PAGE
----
Following Select Subcommittee Report Revealing Significant Problems, Major Meatpacking Company Agrees to Change Health Procedures and Policies

Nov 15, 2021
Press Release
Clyburn Releases Statement on Largest U.S. Pork Processor’s New Pandemic Policies

Washington, D.C. (November 15, 2021) — Today, Rep. James E. Clyburn, Chairman of the Select Subcommittee on the Coronavirus Crisis, released the following statement on the U.S. Department of Labor’s announcement of a settlement agreement with Smithfield Packaged Meats Corp. under which the company will make systemic nationwide changes to its health procedures and policies relating to infectious diseases.  This agreement follows an October 2021 Select Subcommittee staff memorandum finding that Smithfield and its competitors “prioritized profits and production over worker safety, continuing to employ practices that led to crowded facilities in which the virus spread easily.”

“Smithfield’s commitment to better protect its workers from infectious diseases is welcome but long overdue.  We cannot bring back the Smithfield workers who lost their lives to this virus, or the other lives ultimately lost as a result of the virus’s spread in Smithfield’s plants, but we can learn from these failures to save lives in the future.  Today’s announced settlement agreement is an important step toward that end, and I urge the entire industry to do more to ensure safe working conditions.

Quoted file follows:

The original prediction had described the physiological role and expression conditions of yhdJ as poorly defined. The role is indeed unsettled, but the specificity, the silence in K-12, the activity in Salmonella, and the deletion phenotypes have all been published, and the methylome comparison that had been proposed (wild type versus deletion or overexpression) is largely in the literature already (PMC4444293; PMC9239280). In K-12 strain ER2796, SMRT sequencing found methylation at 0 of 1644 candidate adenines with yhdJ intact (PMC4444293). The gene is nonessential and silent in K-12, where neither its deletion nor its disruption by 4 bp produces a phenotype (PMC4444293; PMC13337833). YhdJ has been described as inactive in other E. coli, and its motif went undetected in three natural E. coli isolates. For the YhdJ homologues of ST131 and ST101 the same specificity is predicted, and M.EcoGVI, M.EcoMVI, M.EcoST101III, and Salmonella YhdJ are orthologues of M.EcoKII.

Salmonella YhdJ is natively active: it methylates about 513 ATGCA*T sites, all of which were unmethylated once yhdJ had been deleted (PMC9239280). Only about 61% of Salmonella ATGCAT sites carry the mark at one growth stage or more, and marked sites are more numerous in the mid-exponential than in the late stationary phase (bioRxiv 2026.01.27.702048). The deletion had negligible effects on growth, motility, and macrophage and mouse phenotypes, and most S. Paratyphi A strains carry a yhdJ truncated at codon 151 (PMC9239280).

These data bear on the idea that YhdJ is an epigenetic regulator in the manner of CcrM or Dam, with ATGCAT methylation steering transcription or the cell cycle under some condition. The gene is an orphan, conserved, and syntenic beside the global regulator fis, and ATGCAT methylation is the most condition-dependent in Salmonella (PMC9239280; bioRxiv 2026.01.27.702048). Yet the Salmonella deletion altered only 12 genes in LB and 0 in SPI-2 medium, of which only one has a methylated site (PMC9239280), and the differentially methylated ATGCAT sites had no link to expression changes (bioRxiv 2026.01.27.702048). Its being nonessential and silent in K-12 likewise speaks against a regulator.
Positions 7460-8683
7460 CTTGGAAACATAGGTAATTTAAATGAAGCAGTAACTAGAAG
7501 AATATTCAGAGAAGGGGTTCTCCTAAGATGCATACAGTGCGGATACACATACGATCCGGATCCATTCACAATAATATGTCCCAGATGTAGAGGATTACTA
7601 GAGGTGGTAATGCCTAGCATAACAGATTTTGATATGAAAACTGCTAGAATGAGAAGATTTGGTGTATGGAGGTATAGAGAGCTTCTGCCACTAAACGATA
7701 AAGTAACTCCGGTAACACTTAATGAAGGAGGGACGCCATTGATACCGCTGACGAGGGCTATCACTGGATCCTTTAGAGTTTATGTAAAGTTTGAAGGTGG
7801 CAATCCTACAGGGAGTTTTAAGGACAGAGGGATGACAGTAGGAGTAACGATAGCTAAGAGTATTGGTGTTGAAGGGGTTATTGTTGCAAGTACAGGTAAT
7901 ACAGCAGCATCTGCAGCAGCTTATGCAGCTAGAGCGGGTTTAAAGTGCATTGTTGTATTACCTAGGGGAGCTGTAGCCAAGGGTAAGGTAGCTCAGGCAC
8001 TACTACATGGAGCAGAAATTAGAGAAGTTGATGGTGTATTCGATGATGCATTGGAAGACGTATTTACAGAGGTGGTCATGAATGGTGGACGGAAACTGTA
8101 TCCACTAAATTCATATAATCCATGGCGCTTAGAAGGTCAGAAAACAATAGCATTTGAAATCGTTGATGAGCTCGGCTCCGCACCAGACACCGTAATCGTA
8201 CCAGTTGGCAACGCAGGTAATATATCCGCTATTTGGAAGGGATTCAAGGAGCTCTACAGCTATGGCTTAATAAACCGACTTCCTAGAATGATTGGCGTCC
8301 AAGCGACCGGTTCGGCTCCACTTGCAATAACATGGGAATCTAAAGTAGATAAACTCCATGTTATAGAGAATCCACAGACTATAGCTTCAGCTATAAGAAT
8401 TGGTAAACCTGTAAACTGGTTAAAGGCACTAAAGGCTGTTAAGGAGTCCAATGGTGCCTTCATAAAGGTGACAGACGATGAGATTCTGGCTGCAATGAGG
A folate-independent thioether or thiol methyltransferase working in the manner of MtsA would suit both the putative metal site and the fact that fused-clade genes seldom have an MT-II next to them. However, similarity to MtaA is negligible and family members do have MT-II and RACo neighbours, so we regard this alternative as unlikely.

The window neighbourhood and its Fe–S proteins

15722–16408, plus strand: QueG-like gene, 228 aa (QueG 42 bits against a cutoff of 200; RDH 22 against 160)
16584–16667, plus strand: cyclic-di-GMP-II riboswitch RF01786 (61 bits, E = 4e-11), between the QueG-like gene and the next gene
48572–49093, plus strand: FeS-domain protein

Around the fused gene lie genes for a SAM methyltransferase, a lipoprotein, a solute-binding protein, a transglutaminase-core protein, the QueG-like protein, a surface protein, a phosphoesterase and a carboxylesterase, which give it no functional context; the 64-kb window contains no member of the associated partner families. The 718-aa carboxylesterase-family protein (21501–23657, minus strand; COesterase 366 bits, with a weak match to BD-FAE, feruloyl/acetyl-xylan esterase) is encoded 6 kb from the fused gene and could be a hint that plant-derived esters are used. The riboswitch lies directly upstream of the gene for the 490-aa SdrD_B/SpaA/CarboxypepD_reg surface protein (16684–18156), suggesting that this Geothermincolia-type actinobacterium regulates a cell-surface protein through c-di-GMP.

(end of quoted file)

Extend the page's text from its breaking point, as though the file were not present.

“The fact that it required a settlement agreement to achieve this progress reaffirms what the Select Subcommittee’s investigation has clearly demonstrated: we cannot rely on large corporations to protect the health of their workers for the remainder of the pandemic or during the next one. A strong OSHA, and the Emergency Temporary Standard for vaccination and testing, are essential.  Our investigation continues so that we can ensure that our nation never again fails the workers who feed America.”

The staff memorandum highlighted evidence that the number of coronavirus infections and deaths at meatpacking plants across the country is significantly higher than previously reported.  The memo also revealed that production was prioritized over worker safety throughout the industry, including at Smithfield, which saw at least 9,666 of its employees infected with the coronavirus and at least 25 employees lose their lives during the first year of the pandemic.



117th Congress